Local nonprofit cat shelter Furry Friends is receiving some international attention after a stray cat named Milkshake garnered nearly 3,000 followers on her Facebook page titled “Milkshakes Yard.”
The page started as a way to follow the cat through her pregnancy and quickly gained traction as people on the internet tuned in for the arrival of Milkshake’s “beans,” or kittens.
Furry Friends President Jaimie Garver said Milkshake showed all the normal symptoms of a pregnant cat. She started nesting, looked for birthing spots and “knead(ed) everything in sight.” As the long-awaited day neared, Milkshake’s foster parent Danielle Webster decided to take the cat to a veterinarian one last time before the big day.
“We take our foster parents’ intuition very serious(ly),” Garver said in a press release. “(We) made an appointment for Milkshake right away.”
After an ultrasound was completed, Webster and Furry Friends were surprised to learn Milkshake was not pregnant with “beans,” after all. Instead, she had a bacterial infection of the uterus called pyometra.
Furry Friends Medical Director Kensie Broom said pyometra causes the uterus to expand much like it would during pregnancy. The condition is hard to detect unless a vet technician conducts an ultrasound.
Broom said pyometra only occurs in female animals that haven’t been spayed, a process that removes its ovaries. The condition, according to Broom, is more common in dogs than cats. Broom said the infection can appear “closed,” which means the infection is contained in a cyst-like bulge, or it can appear “open,” which causes the infection to leak.
“Luckily for Milkshake’s survival, she had an open pyometra,” Broom said. “Essentially, that’s what kept her alive.”
Garver said she was nervous to tell the large Facebook group that Milkshake wasn’t going to have kittens, but she used the opportunity to raise awareness of pyometra, while emphasizing the importance of spaying animals.
Once the group was informed about the situation, Garver said donations started to pour in threefold.
A full hysterectomy is the only way to treat pyometra and the operation is expensive.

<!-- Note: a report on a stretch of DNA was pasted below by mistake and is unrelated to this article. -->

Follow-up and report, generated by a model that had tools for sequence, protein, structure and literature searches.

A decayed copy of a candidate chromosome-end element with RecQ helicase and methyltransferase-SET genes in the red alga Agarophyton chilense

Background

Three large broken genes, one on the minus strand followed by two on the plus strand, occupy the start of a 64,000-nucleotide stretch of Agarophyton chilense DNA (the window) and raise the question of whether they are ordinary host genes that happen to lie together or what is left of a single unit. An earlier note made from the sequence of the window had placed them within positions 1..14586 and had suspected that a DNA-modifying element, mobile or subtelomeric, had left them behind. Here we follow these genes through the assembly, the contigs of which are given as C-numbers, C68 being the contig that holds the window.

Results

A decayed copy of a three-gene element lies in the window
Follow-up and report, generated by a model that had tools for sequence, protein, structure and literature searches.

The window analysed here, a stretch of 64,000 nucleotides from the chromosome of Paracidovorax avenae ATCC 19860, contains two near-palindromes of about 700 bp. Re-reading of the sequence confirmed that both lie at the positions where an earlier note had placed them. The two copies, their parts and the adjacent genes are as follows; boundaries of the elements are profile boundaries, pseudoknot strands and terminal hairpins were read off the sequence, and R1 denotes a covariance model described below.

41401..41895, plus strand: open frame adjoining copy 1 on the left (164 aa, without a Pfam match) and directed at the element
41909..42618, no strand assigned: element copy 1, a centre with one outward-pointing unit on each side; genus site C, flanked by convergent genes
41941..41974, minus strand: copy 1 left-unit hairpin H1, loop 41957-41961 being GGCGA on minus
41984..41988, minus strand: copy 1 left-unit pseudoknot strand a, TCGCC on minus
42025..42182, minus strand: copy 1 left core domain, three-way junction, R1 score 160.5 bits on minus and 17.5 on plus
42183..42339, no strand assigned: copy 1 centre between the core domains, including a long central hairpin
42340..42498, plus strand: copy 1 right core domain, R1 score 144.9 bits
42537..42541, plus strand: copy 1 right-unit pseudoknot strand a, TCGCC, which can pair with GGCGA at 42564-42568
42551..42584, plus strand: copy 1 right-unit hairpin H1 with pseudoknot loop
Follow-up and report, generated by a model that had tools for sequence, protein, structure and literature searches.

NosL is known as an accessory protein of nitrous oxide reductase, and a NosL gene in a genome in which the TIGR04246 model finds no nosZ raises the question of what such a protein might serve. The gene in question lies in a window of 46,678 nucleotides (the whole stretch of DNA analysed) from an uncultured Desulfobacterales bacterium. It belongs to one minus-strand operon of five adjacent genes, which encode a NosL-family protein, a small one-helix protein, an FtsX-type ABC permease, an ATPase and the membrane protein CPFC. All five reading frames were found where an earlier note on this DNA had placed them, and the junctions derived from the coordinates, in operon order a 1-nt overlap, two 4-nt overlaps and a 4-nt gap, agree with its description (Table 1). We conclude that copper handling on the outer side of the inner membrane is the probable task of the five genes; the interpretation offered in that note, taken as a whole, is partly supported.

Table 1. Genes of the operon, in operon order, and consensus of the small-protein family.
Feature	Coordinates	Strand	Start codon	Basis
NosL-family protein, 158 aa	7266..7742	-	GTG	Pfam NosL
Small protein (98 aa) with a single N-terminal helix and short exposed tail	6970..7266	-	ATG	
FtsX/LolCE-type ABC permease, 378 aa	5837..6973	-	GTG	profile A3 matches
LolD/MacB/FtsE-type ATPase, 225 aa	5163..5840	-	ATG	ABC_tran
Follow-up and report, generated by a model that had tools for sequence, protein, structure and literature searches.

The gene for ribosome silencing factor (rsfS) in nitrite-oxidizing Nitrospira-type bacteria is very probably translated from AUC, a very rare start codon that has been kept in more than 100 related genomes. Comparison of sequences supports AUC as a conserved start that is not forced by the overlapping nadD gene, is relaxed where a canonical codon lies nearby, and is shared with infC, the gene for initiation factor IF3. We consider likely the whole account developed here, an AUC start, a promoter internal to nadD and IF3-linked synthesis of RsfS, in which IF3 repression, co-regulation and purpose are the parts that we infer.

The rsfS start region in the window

“Once you know it’s a pyometra, you have to take care of it right away because it’s a death sentence,” Broom said.
According to Webster, Milkshake’s surgery cost nearly $4,000 after taxes. Funds came from both Furry Friends and donations from the Facebook page.
Milkshake has begun to recover from her surgery. Her foster parent, Webster, decided to adopt the cat who will join her two other cats.
“Milkshake’s the peanut butter to my jelly I didn’t realize I needed and after all we’ve been through I can’t give her up,” Webster wrote on Facebook.
Broom said the only way to prevent pyometra from harming an animal is to get the animal spayed before the condition starts. Because the infection can happen anywhere between the first and last heat cycle of the animal, Broom and Furry Friends encourage pet owners to get their animals spayed as soon as possible. Cats can be spayed at about six months of age and dogs can be fixed not much longer after that, depending on their size.
Spaying can do more than prevent pyometra, Broom said. Removing a cat’s reproductive organs significantly lowers its risk of mammary cancer, which has a 20 percent chance to occur in a non-spayed cat.
Broom also said female animals aren’t the only beneficiaries as neutered male animals have an extremely low risk of prostate cancer and other testicle-related diseases.
Updates can be found on the Facebook page at facebook.com/groups/1630737837118020.
T-shirts of Milkshake can be bought online at teepublic.com/user/furryfriends. The funds will go to Furry Friends.
Donations can also be made online at furryfriendswa.org and through paypal at information@furryfriend swa.org.
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